Downtown Whitehorse sits on a flat of land at the bottom of the cliffs lining the incredibly turquoise waters of the mighty Yukon river. There's no hint of the large downtown buildings from the top of the cliff. Just a few industrial parks, tiny industrial parks at that, and the airport. If it weren't for the signs pointing the way to downtown Whitehorse one would never know it exists. The town was settled before the 1896 gold rush and has played a major role in both the gold rush and the AlCan highway construction. Many of the buildings in the main 6 block central downtown area date from the gold rush times, although now they'v been restored, have fresh coats of paint, and look quite nice. Antique buildings sit right next to ultra modern government buildings.

Things to do and see, apart from finding food at the grocery store, included the McBride, Old Log Church, and Yukon Transportation museums and a tour of the SS Klondike, one of the original paddle wheel steam ships, and a view of the world's longest wooden fish ladder. The McBride museum despite its tiny size had a few gems for displays. One room was filled with old photos of Whitehorse and Yukon residents who played an important part in its transition from the years of the gold rush to modern times. There were businessmen and women, politicians, artists, and explorers. Many were original sourdoughs who made that famous climb over the Chilkoot pass in the winter of 1897/1898. To my surprise many of these sourdoughs lived into the early 1970s. Imagine being a historian in the 70s who was interested in the Klondike gold rush. You could have actually come to Whitehorse to see and talk to folks who made that trek. A historian's version of a "gold strike".

The McBride museum is also the proud resting place of Sam McGee's cabin. If it hadn't been for Robert Service's famous and lighthearted poem, "The Cremation of Sam McGee" this is a man who would have passed unoticed into the pages of history. Although I can't recall Service's poem word for word I can give a general outline. McGee was supposed to be a prospctor from Tennesee. He was out prospecting around with his partner in the middle of winter. Sam was supposed to have always been cold, real cold and he made sure everyone around him knew it. So on this cold winter's night he made his partner promise that should he die, his partner would have his body cremated. He simply couldn't stand the thought of lying in a cold, frozen grave.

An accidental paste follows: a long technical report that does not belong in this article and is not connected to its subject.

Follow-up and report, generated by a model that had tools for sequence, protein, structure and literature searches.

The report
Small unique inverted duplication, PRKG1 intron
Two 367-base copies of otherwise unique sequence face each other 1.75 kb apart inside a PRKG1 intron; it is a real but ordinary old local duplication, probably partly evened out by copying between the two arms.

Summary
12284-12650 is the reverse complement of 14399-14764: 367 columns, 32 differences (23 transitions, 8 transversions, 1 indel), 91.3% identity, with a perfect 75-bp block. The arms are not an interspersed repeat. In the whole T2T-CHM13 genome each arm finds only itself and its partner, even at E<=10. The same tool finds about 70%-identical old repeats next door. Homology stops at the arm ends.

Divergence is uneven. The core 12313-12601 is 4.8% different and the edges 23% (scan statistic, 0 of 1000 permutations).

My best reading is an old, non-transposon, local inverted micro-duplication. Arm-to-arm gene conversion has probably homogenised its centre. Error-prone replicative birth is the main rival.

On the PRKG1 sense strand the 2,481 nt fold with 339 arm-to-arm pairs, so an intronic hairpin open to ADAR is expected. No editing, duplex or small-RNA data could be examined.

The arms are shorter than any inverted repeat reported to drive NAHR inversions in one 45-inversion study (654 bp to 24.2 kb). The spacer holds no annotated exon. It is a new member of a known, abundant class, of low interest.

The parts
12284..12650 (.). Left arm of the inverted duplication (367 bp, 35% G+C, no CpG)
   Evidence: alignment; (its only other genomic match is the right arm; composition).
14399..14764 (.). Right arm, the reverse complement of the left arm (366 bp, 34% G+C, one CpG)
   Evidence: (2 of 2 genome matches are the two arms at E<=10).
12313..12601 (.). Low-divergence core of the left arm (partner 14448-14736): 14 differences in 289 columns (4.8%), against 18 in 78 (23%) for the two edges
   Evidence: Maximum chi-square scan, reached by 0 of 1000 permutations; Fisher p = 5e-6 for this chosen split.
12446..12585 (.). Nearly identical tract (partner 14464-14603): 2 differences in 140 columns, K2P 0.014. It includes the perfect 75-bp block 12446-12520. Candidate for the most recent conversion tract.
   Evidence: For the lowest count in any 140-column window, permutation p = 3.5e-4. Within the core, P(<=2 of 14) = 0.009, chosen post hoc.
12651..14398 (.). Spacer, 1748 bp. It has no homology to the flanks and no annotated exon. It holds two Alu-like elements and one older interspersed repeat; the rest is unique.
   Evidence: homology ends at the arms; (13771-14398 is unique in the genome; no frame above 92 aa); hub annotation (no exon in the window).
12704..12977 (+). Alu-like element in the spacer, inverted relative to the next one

Well, it came to pass that very night old Sam McGee froze to death. His partner, stuck with this promise was now also stuck with a body. He dragged the thing for miles and miles regretting his promise every step of the way. Finally he came upon the remains of an old sternwheeler wreck on Lake Labarge and decided the boiler would make a fine crematorium. He built a fire, tossed in the body, and went for a walk as he couldn't abide hearing the snap and crackle of the body burning. After who knows how long he returns, opens the door, and discovers Sam McGee sitting up asking him to shut the door as it's the warmest he'd been for months.

OK so that's the fiction. Now here's the facts. Sam McGee was not from Tennessee, he was from Ontario, a Canadian. He did come up to the Yukon for prospecting and did have four claims on the hills overlooking Whitehorse. But it's doubtful he ever did the actual digging. They suspect he hired others to do the digging. He was a schrewd businessman who did his banking at a bank at which Robert Service was working as a teller, this is how they met. McGee was not cremated on Lake Labarge, instead he passed away in Ontario where his daughter lived. The poem was written and published before his death. To show what a good sport he was about the whole noteriety, he did return to Whitehorse once before his death. Upon passing someone selling the ashes of Sam McGee he decided to purchase some. Quite a souvenir. So although the details of the poem may be complete fiction, there may be some basis in fact for the idea. An article in the Whitehorse newspaper published at that time told of a recent arriver from Iowa who was found frozen to death. The position of the body was such that they couldn't get it into a coffin. So they put it into a baker's oven to thaw. Upon opening the door the body sat up and asked them to shut it as they were letting in a draft. Sound similar?